Max Harwood Is A Hit (And You Don't Even Know It)

Max Harwood Is A Hit (And You Don't Even Know It)

By Alex Gonzalez

In the new movie-musical Everybody’s Talking About Jamie, 16-year-old Jamie New dreams of a lifelong career as a drag queen. While he’s not sure of his post-school path, he is aware his journey will be fierce and sensational. That could likewise describe the path of star Max Harwood, who responded to an online casting call for the role of Jamie on his own (he didn’t have an agent at the time). To make for the role, he familiarized himself with the real-life story of Jamie Campbell, on whom the film and its original stage adaptation are based.

“I watched the documentary [Jamie: Drag Queen at 16] and while in my audition process, I was making the choice to anchor my efficiency in his essence and energy,” Harwood tells MTV News.

That energy is on full display in the film, streaming today (September 17) on Amazon Prime Video Its description might propose its a regular queer coming-of-age story, although Everybody’s Talking About Jamie is far from it. While Jamie does face the hurdles of bullies, an absent father, as well as a discouraging school administration, he is aware what he wants, and he’s not afraid to go soon after it — making his tale more about boldly creating his own destiny.

Throughout the film, Jamie fights for his right to wear a dress to the school prom, despite the stern objections of his teacher Miss Hedge (Catastrophe’s Sharon Horgan) along with a bully named Dean Paxton (Samuel Bottomley). Any time we meet with Harwood at the Adolphus Hotel in Dallas while in a stop on the film’s press tour, he has traded the dress for a robust lavender Paul Smith suit along with a pair of bright pink Manolo Blahnik Oxfords. His personality is similarly as eye catching as that of his onscreen debut character. “Hi, MTV! Welcome to my Crib,” he says as we exchange introductions.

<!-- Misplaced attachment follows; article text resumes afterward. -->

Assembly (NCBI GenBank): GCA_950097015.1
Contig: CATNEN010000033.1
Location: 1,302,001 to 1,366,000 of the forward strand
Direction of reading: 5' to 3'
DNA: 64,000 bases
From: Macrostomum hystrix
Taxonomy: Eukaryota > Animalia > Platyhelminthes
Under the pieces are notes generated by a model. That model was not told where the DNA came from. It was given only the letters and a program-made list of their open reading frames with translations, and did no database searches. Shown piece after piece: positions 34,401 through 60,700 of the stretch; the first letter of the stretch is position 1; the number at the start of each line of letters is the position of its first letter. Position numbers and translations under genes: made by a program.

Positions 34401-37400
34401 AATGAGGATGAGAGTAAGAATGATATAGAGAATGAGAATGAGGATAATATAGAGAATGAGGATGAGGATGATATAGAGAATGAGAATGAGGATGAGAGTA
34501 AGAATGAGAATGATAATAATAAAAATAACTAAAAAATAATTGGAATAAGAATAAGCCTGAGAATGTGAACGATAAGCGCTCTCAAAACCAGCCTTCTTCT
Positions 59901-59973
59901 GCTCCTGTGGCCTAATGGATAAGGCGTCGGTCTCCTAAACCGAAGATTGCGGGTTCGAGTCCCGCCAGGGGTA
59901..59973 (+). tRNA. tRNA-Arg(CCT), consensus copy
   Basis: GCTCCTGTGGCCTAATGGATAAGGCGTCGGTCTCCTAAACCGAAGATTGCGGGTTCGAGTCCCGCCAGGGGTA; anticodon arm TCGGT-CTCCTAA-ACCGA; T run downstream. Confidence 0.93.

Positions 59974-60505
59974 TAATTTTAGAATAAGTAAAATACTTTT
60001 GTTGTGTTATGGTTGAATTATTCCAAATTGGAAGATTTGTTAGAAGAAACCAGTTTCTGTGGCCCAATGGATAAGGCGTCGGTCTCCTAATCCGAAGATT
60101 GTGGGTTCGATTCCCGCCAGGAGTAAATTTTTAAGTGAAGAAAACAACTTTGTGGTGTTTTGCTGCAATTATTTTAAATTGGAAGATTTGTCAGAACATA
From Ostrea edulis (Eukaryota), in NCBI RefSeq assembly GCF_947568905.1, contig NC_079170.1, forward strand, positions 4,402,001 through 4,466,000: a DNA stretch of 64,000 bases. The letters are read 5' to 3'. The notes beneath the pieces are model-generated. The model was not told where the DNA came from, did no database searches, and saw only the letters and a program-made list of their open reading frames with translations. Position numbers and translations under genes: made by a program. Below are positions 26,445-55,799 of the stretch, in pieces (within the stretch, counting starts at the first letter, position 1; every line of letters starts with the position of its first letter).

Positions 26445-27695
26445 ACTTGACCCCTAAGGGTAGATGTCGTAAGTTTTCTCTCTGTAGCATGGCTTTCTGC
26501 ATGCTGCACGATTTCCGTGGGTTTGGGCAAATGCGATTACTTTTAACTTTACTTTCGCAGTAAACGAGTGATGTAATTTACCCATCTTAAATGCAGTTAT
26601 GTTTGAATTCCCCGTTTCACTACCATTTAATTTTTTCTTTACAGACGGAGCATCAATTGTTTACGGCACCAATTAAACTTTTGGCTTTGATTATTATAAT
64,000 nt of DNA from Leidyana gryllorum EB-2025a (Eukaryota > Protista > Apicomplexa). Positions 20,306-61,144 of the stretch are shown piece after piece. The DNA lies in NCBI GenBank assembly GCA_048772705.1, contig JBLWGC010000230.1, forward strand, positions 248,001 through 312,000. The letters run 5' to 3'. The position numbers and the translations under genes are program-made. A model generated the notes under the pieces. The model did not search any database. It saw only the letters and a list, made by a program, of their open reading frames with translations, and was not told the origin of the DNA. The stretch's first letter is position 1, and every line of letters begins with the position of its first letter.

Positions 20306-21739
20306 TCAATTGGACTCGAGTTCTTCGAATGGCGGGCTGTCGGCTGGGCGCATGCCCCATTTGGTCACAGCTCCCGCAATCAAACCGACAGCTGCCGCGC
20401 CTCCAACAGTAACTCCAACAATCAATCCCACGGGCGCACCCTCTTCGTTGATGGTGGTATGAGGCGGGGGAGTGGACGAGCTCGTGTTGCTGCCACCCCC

Harwood, 23, grew up in a town called Basingstoke in Hampshire, England, which he says is “nothing like Sheffield,” the Northern industrial city where the film takes place. As a child, he grew up on movie musicals like Annie, Oliver, and The Wizard of Oz, and he would sing show tunes around the home. His love of theatrics stuck with him a teenager, any time as soon as he worked at a cinema and would “steal posters of Jennifer Lawrence” and keep them in his room.